If your dream is to become a lawyer or work in the legal world, law school may be in your future, but your journey to being accepted to law school begins well before you start filling out your application. In today’s blog, we share some tips for improving your chances of getting into law school in Minnesota.
Getting Accepted To Law School
The following tips are based on our own experiences, the experiences of our colleagues and some crowd sourced information from places we trust. Here’s how you can improve your chances of getting into law school in Minnesota.
1. Apply Early – The University of Minnesota Law School and many other law schools across the country operate on a rolling admissions basis, meaning there is more room at the beginning of an application cycle. As space gets limited, the selection committee can be more selective about who they admit. If you’re on the fence, applying early can make the difference between getting accepted or turned down.
2. Improve Your Writing – Your personal statement shouldn’t just be a rehashing of your resume. Lawyers are expected to be good communicators, so you need to find a way to be passionate, analytical and verbose in your personal statement. Really work hard on this and make sure you’re proud of the personal statement you’re writing, don’t just list things you’ve done that the committee will also read on your resume.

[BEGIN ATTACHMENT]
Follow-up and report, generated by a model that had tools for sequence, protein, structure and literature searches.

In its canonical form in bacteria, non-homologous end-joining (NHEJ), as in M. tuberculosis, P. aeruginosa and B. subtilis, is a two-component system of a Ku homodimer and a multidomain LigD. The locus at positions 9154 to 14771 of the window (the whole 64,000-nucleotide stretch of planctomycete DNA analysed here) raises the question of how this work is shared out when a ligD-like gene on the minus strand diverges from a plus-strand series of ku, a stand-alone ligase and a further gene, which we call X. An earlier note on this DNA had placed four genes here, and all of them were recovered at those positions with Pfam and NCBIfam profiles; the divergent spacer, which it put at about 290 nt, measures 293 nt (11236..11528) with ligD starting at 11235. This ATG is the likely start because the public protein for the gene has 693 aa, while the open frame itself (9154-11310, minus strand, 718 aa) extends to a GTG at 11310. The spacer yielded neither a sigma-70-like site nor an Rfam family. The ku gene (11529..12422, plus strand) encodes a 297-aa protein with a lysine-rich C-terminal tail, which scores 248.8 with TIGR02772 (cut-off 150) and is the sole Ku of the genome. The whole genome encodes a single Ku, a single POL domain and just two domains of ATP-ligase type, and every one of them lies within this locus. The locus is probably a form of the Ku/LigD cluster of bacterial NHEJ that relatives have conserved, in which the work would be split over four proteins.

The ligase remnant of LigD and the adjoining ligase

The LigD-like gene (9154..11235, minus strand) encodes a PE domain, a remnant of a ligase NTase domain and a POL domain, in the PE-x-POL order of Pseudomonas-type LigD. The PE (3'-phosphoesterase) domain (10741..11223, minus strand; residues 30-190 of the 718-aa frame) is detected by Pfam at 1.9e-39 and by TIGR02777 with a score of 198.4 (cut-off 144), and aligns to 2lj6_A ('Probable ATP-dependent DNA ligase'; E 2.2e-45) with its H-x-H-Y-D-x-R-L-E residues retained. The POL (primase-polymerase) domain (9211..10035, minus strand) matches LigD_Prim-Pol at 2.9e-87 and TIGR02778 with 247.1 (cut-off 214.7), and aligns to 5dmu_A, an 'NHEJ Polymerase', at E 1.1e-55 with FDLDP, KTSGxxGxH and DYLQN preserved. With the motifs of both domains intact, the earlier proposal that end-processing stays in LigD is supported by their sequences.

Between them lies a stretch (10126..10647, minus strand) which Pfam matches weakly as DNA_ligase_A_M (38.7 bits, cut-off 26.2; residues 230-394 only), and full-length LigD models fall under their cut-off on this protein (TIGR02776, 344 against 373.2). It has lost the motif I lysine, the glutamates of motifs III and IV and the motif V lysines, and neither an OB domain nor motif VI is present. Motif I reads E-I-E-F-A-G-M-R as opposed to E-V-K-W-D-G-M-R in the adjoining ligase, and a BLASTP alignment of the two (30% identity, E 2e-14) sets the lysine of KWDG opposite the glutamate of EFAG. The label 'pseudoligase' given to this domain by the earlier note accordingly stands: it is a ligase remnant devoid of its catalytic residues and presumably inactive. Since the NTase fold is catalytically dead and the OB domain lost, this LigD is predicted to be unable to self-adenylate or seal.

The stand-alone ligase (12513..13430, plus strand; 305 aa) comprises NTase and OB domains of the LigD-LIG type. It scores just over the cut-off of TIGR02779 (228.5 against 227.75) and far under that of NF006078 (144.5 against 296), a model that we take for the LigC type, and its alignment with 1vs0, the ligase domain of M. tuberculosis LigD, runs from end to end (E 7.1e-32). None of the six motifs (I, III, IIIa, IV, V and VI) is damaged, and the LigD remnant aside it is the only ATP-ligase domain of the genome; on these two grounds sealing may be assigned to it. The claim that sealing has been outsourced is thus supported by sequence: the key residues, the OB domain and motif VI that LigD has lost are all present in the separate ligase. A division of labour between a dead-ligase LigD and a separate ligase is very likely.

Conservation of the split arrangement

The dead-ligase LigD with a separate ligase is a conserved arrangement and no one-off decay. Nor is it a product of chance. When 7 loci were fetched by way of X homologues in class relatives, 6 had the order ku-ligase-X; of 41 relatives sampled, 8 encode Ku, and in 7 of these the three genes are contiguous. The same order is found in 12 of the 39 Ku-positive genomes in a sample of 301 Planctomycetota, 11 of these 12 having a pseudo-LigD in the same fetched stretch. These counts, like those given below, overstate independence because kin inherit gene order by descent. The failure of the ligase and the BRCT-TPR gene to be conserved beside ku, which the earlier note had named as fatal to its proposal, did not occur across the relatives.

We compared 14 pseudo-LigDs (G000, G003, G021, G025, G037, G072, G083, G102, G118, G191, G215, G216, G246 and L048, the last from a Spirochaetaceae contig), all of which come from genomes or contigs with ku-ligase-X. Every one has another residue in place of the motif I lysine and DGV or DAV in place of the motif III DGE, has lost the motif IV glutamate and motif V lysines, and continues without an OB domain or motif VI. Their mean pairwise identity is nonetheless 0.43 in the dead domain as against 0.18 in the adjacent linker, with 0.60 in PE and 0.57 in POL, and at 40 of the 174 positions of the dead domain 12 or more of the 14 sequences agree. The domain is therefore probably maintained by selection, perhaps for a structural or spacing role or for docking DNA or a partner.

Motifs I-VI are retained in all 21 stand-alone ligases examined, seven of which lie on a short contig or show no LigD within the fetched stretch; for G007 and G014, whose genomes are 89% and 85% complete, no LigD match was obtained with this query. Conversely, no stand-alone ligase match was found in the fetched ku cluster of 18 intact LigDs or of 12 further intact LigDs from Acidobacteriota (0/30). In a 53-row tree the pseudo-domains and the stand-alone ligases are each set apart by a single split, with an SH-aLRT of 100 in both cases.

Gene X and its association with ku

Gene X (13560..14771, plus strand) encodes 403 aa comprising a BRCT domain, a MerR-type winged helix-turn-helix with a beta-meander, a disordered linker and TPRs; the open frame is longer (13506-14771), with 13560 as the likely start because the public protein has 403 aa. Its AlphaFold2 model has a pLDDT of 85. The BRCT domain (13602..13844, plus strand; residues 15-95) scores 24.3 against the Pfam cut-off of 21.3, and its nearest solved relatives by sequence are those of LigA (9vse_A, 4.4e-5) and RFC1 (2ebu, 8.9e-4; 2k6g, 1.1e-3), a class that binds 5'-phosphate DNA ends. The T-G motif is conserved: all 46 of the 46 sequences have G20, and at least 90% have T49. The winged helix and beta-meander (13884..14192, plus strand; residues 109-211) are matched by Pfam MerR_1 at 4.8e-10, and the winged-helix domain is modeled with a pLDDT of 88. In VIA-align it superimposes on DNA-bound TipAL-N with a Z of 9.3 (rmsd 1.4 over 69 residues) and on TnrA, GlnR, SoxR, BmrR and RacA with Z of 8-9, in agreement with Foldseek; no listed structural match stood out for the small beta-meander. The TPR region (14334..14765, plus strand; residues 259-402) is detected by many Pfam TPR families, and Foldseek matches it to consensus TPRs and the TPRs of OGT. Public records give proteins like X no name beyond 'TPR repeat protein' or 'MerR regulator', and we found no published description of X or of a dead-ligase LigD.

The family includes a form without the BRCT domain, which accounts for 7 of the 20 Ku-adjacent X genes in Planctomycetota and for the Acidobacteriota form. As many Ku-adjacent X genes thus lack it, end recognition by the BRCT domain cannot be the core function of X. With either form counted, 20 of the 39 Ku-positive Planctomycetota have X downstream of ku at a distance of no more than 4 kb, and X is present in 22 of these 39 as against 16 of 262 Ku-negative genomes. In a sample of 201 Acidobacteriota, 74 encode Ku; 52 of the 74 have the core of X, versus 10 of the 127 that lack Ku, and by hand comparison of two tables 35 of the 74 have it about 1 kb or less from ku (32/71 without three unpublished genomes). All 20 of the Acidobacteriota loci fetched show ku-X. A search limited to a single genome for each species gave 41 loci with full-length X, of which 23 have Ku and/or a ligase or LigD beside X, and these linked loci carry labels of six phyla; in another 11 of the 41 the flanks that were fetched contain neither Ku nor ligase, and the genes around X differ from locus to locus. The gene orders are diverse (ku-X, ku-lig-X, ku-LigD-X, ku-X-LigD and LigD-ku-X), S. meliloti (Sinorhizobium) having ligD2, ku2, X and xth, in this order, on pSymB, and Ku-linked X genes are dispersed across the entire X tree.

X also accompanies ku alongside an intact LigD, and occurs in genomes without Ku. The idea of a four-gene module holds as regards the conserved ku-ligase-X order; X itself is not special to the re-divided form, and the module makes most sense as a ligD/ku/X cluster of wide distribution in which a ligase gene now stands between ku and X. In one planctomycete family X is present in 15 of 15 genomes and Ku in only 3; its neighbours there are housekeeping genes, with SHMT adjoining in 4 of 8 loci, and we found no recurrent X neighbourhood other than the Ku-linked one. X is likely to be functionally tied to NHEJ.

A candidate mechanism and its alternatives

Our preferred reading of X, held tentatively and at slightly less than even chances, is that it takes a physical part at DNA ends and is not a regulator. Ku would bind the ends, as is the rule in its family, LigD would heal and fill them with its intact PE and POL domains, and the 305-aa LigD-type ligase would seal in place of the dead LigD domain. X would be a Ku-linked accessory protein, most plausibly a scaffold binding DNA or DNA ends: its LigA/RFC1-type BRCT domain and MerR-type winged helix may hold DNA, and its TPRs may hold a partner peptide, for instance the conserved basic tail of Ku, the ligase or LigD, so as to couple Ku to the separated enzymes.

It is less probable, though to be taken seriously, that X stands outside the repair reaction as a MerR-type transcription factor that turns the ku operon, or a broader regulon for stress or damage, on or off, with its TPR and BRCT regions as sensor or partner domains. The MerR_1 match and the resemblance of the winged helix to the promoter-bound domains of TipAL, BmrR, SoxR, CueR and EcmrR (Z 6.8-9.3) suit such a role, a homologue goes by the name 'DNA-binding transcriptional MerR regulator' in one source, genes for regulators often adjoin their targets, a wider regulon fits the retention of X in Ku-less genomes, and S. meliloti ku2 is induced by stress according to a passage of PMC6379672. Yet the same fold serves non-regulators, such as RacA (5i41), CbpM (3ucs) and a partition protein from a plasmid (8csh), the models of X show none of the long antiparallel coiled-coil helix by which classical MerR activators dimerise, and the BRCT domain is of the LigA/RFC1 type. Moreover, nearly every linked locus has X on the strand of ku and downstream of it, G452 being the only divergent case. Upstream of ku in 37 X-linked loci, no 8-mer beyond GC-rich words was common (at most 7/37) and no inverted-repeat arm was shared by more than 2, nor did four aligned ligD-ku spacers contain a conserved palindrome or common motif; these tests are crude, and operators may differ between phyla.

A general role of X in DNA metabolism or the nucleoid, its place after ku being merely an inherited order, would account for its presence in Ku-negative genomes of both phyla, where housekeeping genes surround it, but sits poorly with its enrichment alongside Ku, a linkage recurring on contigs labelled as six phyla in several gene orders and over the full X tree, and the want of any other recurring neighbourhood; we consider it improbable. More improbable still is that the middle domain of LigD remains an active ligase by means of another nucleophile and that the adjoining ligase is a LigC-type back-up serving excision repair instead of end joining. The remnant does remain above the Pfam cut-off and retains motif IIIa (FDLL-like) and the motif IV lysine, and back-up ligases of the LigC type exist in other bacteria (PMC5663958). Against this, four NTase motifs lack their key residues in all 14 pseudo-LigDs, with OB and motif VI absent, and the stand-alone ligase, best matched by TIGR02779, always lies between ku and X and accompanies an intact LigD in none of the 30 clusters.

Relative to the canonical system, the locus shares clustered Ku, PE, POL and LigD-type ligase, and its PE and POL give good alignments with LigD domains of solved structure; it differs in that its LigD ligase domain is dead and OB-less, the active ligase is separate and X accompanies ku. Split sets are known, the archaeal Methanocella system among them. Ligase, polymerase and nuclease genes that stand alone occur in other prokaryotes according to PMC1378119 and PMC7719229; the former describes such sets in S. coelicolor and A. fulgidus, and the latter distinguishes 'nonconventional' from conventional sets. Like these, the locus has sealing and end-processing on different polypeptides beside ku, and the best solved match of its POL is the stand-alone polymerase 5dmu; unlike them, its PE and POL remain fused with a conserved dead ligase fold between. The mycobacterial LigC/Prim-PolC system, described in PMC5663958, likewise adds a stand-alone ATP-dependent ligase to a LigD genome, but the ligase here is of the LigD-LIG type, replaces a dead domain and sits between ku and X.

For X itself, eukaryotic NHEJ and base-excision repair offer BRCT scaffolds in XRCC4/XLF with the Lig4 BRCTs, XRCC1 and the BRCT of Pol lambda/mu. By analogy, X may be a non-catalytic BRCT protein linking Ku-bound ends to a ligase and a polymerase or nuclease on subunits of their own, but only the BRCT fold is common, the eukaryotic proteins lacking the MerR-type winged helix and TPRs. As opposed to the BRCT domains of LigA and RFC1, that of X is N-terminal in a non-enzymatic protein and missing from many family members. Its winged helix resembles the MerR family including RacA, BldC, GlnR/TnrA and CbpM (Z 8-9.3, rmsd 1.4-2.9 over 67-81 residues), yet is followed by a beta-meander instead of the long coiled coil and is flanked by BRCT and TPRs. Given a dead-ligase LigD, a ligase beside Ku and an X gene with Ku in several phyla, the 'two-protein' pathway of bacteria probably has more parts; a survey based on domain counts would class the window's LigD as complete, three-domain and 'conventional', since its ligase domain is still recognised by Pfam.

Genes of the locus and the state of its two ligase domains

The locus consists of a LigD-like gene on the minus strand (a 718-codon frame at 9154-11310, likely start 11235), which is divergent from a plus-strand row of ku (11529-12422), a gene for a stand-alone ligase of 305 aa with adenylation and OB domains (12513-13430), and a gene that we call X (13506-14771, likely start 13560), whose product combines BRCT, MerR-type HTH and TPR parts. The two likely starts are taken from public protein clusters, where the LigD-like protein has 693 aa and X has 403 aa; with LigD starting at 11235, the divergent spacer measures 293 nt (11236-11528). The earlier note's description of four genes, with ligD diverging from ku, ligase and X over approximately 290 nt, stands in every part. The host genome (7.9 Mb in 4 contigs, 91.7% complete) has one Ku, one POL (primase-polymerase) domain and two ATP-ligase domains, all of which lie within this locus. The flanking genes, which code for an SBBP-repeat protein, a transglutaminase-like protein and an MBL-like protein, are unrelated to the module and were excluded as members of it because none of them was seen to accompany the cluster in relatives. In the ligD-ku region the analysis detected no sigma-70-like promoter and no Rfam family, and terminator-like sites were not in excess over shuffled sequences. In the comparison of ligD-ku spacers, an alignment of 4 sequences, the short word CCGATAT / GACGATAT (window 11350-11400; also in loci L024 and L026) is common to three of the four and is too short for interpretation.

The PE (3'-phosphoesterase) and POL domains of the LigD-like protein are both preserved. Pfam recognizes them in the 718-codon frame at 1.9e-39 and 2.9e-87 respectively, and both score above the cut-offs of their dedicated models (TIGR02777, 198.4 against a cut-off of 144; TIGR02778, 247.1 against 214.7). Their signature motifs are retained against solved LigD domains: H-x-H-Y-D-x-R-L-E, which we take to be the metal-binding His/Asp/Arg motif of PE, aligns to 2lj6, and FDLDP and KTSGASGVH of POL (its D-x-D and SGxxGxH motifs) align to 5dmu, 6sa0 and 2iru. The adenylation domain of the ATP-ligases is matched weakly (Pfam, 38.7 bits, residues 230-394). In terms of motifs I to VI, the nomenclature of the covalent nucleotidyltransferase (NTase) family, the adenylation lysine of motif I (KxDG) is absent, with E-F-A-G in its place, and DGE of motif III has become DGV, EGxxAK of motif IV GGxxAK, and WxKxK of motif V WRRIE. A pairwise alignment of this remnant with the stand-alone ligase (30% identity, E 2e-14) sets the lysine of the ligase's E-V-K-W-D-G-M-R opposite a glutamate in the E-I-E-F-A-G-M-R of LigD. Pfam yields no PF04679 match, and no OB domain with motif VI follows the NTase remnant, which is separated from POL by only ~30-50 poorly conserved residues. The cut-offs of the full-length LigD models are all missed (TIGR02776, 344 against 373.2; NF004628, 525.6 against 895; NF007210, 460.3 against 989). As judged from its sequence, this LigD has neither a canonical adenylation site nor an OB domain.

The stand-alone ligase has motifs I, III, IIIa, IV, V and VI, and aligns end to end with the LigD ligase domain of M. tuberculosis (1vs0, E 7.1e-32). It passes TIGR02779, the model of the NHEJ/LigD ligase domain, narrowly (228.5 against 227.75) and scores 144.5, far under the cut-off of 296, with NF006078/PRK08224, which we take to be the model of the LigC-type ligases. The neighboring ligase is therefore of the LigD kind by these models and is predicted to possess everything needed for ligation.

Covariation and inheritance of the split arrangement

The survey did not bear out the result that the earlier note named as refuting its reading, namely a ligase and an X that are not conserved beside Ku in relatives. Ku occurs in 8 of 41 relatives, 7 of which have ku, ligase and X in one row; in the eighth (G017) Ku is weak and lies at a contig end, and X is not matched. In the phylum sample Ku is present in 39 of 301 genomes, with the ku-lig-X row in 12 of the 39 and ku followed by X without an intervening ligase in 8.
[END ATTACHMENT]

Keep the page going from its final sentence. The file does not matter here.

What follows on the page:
3. LSAT And GPA – Your LSAT and GPA scores are both important and not an end-all-be-all at the same time. You need to have a solid LSAT score and decent GPA, but the admissions committee realizes that numbers don’t win cases, people do. There’s more to a person than a score, so if you’re concerned about your LSAT or GPA, expand your portfolio with work experience, internships, letters or recommendation of volunteer work. The committee wants well-rounded individuals, so while scores are important, so too is being multi-dimensional.
4. Letters Of Recommendation – Applicants should seek letters of recommendation from academic sources, preferably those who oversaw their work recently. If you have a professor or teacher’s assistant who can vouch for your drive and commitment in the classroom, ask them to provide a letter of recommendation. Family or individuals who haven’t worked closely with you in a while aren’t ideal options.
5. Proofread – Finally, make sure you proofread your application multiple times. Read it in your head. Read it out loud. Read it twice a day for three days in a row. Have two other people proofread it. Spelling errors or poorly written areas of your application can tank your likelihood of getting in. You didn’t spend years preparing for this moment to just write your statement, read it over once and send it in. Really look over all aspects of your application before submitting it.